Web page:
Financial Town Meeting is on for Monday

Financial Town Meeting is on for Monday

LINCOLN – Lincoln’s annual Financial Town Meeting is set for next Monday, June 21, starting at 7 p.m. in the Lincoln High School auditorium.

The purpose of the FTM, which was delayed by a month due to pandemic restrictions, is to provide taxpayers with an opportunity to suggest changes to and vote on Lincoln’s fiscal year 2022 budget.

Lincoln officials are proposing a 1.19 percent property tax increase in the 2021-22 budget, representing a levy increase from roughly $53.8 million to $54.5 million. An anticipated overall increase in property values, coupled with the proposed tax levy increase, will result in the following estimated rates:

• A property tax rate of $20.26 per $1,000 of assessed valuation for residential real estate (up from $20.14);

• $25.18 per $1,000 of assessed valuation for commercial real estate (increased from $25.03);

• And $31.97 per $1,000 of assessed valuation for tangible personal property (up from $31.78).

According to a notice prepared by acting Town Administrator Brian Sullivan, the preliminary 2021-2022 motor vehicle levy includes taxes on motor vehicles at a reduced rate of $30 per $1,000 of assessed valuation. That includes the exemption of up to $5,000 provided by the state’s motor vehicle excise tax phase-out legislation, compared to the current motor vehicle tax rate of $30.66 and a $4,000 exemption.

In a note to taxpayers, the Lincoln Budget Board conceded that the COVID-19 pandemic has caused some concern in town regarding a dip in expected revenues. While town and school officials had to make some cuts, the Budget Board promised that no requested reductions would be made that would “jeopardize the education or safety of our children” or “reduce the municipal services that our taxpayers expect.”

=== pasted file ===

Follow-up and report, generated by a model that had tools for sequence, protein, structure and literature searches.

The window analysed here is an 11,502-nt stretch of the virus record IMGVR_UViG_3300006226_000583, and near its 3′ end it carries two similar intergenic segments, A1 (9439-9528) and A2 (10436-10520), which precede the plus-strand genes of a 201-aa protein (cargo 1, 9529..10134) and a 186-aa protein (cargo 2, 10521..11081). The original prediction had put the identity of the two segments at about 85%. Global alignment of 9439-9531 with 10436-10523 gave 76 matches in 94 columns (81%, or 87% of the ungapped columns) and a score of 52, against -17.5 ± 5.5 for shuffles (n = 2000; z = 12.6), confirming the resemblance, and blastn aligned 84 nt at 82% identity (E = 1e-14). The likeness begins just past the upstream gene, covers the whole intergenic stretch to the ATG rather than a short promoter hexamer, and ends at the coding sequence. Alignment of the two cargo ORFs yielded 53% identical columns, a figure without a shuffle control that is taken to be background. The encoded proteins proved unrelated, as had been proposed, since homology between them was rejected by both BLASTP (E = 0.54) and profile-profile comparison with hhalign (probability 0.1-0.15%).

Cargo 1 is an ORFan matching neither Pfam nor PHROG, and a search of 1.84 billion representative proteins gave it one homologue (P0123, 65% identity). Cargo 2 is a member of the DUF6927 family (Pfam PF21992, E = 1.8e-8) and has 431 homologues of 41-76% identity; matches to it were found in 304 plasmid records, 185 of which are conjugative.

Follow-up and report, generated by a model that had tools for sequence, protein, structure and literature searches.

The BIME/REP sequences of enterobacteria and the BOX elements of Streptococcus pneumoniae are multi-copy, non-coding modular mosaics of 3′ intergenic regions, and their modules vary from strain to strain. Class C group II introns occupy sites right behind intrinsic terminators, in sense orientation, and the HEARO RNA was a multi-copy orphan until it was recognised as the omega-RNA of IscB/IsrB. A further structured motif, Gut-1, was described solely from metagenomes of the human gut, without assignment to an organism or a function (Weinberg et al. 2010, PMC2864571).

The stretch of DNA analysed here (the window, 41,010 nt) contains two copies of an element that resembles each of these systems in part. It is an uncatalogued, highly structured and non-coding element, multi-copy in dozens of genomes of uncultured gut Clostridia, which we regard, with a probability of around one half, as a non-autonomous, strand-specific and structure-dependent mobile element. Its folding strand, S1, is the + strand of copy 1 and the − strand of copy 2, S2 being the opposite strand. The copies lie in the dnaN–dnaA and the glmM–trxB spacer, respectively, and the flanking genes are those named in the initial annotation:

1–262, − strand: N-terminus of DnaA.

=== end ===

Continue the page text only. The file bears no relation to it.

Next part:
The total proposed budget up for approval is $91,333,991, representing an increase of more than $4.8 million. That’s $23.3 million on the town side (a decrease of $426,121), and $59.5 million on the school side (an increase of $1.7 million).

The Budget Board is proposing a total of $280,398 in municipal capital resolutions, and school upgrades totaling $763,000.

The Budget Board message addresses the challenges associated with prioritizing capital projects. The town has made progress, members say, including parks with upgraded facilities and new school projects.

The board urged taxpayers to “sincerely take a hard look at the maintenance efforts and the funding thereof put in place for these properties after the construction is complete,” continuing that, “In many cases the maintenance is not being adequately funded, and therefore some of our monies are being exhausted on replacements instead of on maintenance.”

“The dollars and time not spent on maintenance will inevitably turn into thousands upon thousands of dollars of avoidable replacements of current assets,” the board argued.

The proposed municipal capital projects are as follows:

• Police vehicle computer replacements, $69,234; police dispatch computer upgrades, $19,759

• Repair fencing at town parks, $23,500; bleacher replacements, $29,200

• Carpet replacement at Town Hall, $15,000

• Hearthside maintenance grant for exterior molding painting and window restoration, $20,100

• Maville park sod, $68,605

• Chase Farm electrical work, $35,000

• Barney Pond dam repair, $175,000

Proposed school projects include:

• High school project addition, $30,000 (storage door for football equipment, maintenance shop door, additional electrical outlets in the fitness room, improving boiler room for maintenance truck access, fiber cabling to football field PA system, and auditorium lighting/sound monitoring station).

• High school athletic capital equipment, $44,500 (uniform storage closets, branded varsity full weight racks and benches, courtside runners, linear leg press and Olympic bench press, treadmills, kettlebells, alpha bar, squat bar, barbell set, plyo boxes, an AED package and a Pixellott camera).

• Technology capital equipment, $291,900 (LHS design tech lab replacement, Saylesville

classroom tech replacement, 540 new Chromebooks, network switches and miscellaneous


• General school capital projects, $397,500 (asbestos abatement and rug removal, VCT tile installation, Northern sprinkler system and sod, Saylesville curbing and repaving, and repair and resurface LHS tennis courts).

The final category also includes district-wide funding for new field maintenance equipment and air purifiers.